Presentata Curia 25th February 2016

Allocutio: Lent.

In the early Church, so I am told, the period for lent was just one week. The Church followed a concentrated period of intense entry into reflecting on the great paschal mystery. It certainly reminds us of the central focus of Lent: the humble submission of Jesus to death on the Cross and his glorious vindication in the Resurrection.

Lent too can be a time for making this journey with Our Lady. When did her Lent start? Was it from the moment she conceived as murmurs went around about her being pregnant before she married. But her joyous entry to the House of Elisabeth suggests not yet.

So we come to Simeon. “And a sword will pierce your own heart too!” This seems the first reference to the Cross she must endure. The attack of Herod on local children which she barely escaped warned her that although foreigners might have respected her son, others close to home did not. Perhaps it was such a challenge that caused her and Joseph to agree that the backwoods of Nazareth was as good a place as any to stay even if the general view of many, expressed by Nicodemus was “Can anything good come out of that place!”

Mary, who according to many sources grew up near Jerusalem and served in the Temple as a young girl and who had dedicated her life to God’s service, became the humble wife of Nazareth. But she used go back there for Passover each year and that is where her next encounter with Calvary occurred, losing her Son for three days and three Nights, all a prelude of her losing him in death. Perhaps her losing of him for those three days and refinding him was her Transfigurative event. Because it prepared her soul deep down for that tragedy.

It is not easy to interpret Jesus words at Cana, “Woman, what is that to me, My hour has not yet come!” Is he insulting her? Or is he telling her that that moment of piercing of her heart is still some time off and works the miracle to assure her that the waters of death will be transformed into joy?

We also have those moments when she came looking for him, anxious, during the period of his ministry. Your mother is outside; she was concerned that he was out of his mind. Mothers do worry about their children. Mary’s nature was as a good mother, something which was most confirmed when on the Cross he gave her as mother to us all.

But I have often wondered where Mary was on Holy Week? We know she appeared beside him at the foot of the Cross. The Stations of the Cross suggest she met him when he was carrying his Cross. Many portrayals of events in art suggest she already had contact with John the Apostle and was kept abreast of things by him.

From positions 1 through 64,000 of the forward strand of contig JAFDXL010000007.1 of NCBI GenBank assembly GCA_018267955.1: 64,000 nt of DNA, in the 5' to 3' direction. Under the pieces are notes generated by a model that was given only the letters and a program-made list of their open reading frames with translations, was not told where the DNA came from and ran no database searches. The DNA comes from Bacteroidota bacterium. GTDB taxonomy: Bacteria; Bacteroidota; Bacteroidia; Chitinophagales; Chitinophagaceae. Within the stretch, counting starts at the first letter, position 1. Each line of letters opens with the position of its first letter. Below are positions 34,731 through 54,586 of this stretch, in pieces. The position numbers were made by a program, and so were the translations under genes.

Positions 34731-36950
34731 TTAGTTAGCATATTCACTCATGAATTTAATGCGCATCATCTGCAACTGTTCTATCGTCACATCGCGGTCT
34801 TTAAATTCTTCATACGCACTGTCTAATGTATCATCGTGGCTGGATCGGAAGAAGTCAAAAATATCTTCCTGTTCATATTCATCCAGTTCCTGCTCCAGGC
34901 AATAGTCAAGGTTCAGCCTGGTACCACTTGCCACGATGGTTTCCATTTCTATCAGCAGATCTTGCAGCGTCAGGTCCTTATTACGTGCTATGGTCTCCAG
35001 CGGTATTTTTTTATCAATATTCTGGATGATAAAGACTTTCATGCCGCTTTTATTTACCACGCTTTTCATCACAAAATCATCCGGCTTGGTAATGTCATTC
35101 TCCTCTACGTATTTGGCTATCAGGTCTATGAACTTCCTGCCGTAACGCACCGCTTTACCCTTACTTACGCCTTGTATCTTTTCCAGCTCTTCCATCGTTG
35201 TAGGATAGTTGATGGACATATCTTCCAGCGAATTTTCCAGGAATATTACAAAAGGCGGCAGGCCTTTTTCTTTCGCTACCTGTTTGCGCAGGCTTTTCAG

But these are all insignificant with the sword that finally went through her heart. We know that the first two chapters of St. Luke are highly dependent on her account so when Simeon uses the words, “And a sword will pierce your own heart too”, it may well be because what she really experienced brought back to her what she had been told, something she never forgot because she used ponder all the events that happened in her life.

Our minds can only make a stab at trying to grasp what she went through in her real Stabat Mater. But I suggest a journey of meditation with her through the passion will bring us to see our sins in a new way and also to understand the love that God has for us. She knew the wrong of it, she saw and experienced his love from the Cross and like him she didn’t return evil for evil. Others threw jeers at Jesus. What would many a mother have done if not retaliate with their tongues. If Jesus hung in dignity on the Cross she joined him in a noble and dignified response to it all.

She knew this was that Lamb of God who had come to take away the sins of the world. She too would accept the barbs and the knives of lies that were thrown at her son and at her. As John Paul II pointed out in his great letter on her, it was her faith that shone out as she believed in the face of what seemed the very annihilation of what she had been told at the Annunciation.

I just suggest as a good Lenten exercise that we step into Mary’s shoes or sandals and journey with her ion the way of the Cross. It might give a useful perspective on the Cross to you.
Fr Paul Churchill

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